Journeys Into Night
If you think you felt pickled after the holidays, just imagine the plight of Portland Monthly’s editorial team. While reporting this month’s guide to the city’s bars, we dutifully filed out of our offices each night into the bleak, biting dark of midwinter, a roster of watering holes standing firmly between us and our couches. Kelly Clarke, our newly arrived senior editor who steered this particular feature, visited about 20 bars over the course of three weeks. (We ask forgiveness of her husband and daughter for this strange ritual of initiation.) There are, after all, 1,891 licensed bars in Portland—someone had to make the rounds.
Mornings in the office were filled with a din of commiseration and glee as we reported our findings: “What kind of self-respecting establishment serves muddled oranges and cherries in an old-fashioned?” “Have you ever witnessed the bizarre glory of Baby Ketten Karaoke?” “It was like some kind of soft-porn Slurpee!” “I’m telling you, I wanted to make out with this cocktail—it was that masculine.” But as we all sipped our way through town, slowly whittling down our list, we found ourselves thrilled with the 25 bars that endured, warming our bones and hearts on those cold nights.
As you peruse our selections, you’ll find a haunted old dockworker hangout in Linnton rubbing elbows with candlelit cocktail labs, psychedelic tiki havens, and timeless dives. Strange bedfellows, but they all share that intangible essence of a great bar: when you walk in, you feel a sense of arrival. The rest of the world fades away and you can curl up, beverage in hand, maybe next to a fire, maybe in the glow of a karaoke screen, and “savor that little piece of time between one thing and the next”.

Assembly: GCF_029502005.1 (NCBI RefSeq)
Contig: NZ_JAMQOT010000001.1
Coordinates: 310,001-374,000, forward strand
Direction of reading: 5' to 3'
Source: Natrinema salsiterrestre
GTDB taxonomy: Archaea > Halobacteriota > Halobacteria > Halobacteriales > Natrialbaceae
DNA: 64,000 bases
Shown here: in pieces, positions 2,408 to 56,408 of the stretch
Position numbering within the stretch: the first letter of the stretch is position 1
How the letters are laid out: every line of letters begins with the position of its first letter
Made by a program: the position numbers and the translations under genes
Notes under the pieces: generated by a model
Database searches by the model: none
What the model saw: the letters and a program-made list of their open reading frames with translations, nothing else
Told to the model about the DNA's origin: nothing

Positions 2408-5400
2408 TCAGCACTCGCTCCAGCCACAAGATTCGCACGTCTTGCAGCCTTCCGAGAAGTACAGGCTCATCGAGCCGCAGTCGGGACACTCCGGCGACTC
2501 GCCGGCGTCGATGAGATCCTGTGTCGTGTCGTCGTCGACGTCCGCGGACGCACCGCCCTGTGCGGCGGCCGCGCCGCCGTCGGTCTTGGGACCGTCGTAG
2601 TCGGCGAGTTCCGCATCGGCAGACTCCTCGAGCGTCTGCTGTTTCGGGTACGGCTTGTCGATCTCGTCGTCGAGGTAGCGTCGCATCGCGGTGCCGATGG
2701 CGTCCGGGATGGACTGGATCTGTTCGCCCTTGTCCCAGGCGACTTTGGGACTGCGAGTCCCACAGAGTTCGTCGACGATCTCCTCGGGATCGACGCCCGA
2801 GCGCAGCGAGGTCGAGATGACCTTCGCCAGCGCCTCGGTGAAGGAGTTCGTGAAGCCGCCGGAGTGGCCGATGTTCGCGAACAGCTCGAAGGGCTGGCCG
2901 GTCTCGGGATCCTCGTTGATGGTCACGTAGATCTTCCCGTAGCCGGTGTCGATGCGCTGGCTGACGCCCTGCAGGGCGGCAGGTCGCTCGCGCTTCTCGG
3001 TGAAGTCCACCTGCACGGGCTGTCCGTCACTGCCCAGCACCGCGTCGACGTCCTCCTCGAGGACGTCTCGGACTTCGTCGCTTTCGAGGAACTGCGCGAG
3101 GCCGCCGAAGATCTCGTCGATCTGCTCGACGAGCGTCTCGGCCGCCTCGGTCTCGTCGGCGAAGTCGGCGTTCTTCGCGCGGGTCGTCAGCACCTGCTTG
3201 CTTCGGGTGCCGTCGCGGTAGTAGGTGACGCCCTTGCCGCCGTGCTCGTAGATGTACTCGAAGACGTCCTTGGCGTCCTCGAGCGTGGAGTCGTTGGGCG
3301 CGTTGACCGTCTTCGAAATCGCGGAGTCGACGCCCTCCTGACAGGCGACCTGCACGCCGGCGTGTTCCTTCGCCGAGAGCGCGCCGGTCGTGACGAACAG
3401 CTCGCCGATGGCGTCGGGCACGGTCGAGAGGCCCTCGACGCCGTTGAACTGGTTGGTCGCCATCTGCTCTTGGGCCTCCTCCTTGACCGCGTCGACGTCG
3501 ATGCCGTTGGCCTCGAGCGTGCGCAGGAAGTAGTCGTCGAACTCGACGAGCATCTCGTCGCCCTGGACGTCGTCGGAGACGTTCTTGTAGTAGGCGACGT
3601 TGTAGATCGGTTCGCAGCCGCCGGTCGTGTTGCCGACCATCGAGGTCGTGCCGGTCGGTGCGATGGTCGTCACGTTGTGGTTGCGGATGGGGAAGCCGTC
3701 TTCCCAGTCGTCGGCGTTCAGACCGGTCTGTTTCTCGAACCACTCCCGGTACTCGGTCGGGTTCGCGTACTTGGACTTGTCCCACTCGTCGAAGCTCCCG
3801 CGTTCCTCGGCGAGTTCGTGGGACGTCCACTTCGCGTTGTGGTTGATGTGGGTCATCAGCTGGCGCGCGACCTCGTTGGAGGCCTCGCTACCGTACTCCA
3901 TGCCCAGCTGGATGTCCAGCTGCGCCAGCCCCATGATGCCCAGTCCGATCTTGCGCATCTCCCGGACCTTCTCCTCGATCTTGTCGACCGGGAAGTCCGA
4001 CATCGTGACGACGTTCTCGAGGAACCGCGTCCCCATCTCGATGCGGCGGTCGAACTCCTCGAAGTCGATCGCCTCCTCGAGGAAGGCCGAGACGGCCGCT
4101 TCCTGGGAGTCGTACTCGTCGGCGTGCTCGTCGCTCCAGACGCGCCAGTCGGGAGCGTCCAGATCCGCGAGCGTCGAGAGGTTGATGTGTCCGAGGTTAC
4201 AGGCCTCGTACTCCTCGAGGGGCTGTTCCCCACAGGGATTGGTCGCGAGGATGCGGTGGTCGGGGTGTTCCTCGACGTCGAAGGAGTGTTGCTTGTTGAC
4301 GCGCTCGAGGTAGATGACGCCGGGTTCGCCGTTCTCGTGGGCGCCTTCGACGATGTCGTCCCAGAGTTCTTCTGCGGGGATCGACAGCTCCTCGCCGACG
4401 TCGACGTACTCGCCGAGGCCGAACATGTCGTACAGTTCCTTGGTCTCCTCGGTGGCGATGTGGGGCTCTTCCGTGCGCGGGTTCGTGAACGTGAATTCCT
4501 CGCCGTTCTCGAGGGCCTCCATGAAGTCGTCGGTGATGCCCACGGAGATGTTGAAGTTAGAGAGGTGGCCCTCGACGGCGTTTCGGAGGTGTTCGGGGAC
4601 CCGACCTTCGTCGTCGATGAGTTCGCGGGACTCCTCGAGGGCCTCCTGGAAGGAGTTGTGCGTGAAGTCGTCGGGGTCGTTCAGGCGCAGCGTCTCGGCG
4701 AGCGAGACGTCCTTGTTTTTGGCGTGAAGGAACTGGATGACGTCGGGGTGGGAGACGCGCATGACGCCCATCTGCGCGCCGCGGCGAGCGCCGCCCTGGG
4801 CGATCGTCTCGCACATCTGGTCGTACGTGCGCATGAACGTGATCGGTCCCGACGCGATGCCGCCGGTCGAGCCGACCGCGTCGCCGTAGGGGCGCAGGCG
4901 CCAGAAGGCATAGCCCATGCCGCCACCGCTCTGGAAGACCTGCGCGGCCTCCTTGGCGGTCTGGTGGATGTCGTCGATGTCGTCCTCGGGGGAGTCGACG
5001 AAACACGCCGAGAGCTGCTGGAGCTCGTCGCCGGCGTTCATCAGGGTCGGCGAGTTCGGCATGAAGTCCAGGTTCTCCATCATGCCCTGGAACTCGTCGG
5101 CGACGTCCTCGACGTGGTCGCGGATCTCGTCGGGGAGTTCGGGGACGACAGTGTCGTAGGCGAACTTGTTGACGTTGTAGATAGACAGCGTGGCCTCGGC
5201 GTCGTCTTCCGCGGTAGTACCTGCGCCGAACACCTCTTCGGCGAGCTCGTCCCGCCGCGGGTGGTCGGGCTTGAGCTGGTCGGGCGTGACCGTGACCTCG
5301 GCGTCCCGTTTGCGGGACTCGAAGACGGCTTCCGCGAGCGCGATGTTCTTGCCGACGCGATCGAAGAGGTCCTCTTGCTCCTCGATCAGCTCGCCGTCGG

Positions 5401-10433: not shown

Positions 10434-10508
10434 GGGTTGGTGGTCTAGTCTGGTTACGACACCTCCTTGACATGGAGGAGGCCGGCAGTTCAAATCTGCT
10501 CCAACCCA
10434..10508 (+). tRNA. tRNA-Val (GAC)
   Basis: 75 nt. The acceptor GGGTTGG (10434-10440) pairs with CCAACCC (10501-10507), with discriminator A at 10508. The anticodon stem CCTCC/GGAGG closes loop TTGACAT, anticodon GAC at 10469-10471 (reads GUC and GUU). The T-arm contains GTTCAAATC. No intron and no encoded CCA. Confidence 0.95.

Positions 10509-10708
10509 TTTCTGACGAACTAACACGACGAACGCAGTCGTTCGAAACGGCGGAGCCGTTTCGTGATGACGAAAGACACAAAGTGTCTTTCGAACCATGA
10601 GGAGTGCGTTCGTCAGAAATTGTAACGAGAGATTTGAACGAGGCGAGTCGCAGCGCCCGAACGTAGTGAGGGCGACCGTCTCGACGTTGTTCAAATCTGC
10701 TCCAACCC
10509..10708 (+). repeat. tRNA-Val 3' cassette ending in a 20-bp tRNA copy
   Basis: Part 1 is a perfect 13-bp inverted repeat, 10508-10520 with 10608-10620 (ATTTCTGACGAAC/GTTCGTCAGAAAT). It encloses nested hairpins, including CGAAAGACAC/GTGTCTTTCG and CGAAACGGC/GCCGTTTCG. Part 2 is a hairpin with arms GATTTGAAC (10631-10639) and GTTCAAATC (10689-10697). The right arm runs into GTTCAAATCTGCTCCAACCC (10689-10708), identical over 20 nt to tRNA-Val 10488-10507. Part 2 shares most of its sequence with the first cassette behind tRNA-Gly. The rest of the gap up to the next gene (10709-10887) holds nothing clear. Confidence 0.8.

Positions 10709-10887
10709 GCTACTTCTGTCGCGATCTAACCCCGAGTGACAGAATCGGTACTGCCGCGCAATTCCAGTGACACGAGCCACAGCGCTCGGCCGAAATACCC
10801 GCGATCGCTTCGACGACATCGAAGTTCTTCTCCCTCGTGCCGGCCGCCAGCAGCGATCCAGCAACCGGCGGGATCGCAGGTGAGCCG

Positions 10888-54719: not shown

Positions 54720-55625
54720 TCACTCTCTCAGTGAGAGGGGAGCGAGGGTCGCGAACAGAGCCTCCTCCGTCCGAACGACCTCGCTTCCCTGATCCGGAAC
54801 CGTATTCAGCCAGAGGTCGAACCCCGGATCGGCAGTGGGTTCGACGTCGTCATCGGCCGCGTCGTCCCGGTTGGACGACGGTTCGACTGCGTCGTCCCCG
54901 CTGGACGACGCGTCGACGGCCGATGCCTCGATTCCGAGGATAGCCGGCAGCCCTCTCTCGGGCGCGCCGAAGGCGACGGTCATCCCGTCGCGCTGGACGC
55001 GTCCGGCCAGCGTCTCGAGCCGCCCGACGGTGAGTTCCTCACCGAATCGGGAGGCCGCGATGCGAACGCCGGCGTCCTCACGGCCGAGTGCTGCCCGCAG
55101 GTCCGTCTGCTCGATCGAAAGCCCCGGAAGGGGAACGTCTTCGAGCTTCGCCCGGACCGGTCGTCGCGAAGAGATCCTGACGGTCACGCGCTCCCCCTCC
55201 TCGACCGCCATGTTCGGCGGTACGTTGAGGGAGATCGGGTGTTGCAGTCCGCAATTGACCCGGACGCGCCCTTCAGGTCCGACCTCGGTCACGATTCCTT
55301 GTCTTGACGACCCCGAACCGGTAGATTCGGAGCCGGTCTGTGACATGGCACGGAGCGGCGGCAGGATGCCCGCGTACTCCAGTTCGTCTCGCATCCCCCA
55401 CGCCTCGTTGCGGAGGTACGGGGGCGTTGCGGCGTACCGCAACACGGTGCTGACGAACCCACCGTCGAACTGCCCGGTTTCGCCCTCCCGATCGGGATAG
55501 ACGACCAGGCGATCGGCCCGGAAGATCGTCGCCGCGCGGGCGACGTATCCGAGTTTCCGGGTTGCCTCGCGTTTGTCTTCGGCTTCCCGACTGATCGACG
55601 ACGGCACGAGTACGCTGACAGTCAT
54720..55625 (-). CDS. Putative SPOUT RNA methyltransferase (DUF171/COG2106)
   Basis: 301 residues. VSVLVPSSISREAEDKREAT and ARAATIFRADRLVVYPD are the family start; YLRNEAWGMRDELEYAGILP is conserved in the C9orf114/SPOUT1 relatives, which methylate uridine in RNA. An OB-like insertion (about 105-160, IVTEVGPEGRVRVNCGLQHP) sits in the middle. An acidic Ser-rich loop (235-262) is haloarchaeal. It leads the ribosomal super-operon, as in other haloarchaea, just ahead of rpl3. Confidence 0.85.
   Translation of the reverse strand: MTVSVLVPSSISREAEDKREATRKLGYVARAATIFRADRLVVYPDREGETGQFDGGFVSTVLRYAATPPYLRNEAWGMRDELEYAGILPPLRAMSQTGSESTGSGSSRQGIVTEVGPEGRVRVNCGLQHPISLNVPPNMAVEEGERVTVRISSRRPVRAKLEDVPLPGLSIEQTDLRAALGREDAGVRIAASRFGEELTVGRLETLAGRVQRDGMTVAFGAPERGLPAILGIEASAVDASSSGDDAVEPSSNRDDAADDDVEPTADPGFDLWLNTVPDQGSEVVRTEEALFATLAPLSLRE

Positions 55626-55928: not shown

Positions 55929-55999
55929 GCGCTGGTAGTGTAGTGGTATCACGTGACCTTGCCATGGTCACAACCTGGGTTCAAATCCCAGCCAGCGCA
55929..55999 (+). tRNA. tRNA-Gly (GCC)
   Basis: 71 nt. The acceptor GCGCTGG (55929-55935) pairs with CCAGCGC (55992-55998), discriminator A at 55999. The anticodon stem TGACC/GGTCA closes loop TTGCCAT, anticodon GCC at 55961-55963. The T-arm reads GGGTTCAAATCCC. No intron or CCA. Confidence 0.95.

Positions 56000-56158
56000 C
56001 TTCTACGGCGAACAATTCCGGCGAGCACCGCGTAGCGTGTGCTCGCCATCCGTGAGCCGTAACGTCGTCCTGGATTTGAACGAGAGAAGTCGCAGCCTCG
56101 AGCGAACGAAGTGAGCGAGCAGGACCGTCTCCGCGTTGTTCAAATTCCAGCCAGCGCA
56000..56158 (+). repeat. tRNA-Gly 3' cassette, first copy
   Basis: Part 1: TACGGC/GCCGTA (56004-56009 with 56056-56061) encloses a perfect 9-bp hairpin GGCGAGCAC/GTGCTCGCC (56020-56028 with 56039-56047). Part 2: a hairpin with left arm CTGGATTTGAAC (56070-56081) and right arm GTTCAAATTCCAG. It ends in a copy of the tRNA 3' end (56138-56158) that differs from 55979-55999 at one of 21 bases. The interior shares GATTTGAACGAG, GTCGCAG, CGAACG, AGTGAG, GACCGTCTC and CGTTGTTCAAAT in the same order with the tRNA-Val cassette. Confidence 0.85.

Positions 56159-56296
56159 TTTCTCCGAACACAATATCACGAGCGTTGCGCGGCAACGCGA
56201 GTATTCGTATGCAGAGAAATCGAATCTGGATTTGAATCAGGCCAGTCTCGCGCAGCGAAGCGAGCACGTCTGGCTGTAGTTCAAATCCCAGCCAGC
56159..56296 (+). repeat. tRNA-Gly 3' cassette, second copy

After this boozy romp through Stumptown, you might be ready for some sobriety. We were. Fortunately, this issue’s other features combine to create one of those pleasingly odd pile-ups that make working for a magazine not merely hazardous to your health but also quite fun. What could be more sobering than death? And yet Nancy Rommelmann’s sprightly story of a local undertaker who’s reinventing her little corner of the funeral industry invests that subject with Portland-style optimism and DIY spirit. Then our annual report on the area’s schools swings us in yet another direction, offering in-depth, by-the-numbers profiles of more than 600 public and private institutions dedicated to educating people far too young to even think about craft cocktails—let alone memorial planning.
So whether you’re seeking a suitable school, a backyard burial, or the perfect destination for your next night out, we’ve got you covered. Maybe by now, your New Year’s resolutions have faded away and you’re ready for a little fun after a healthy respite. I, for one, am still off the sauce. That’s one more bar stool for you.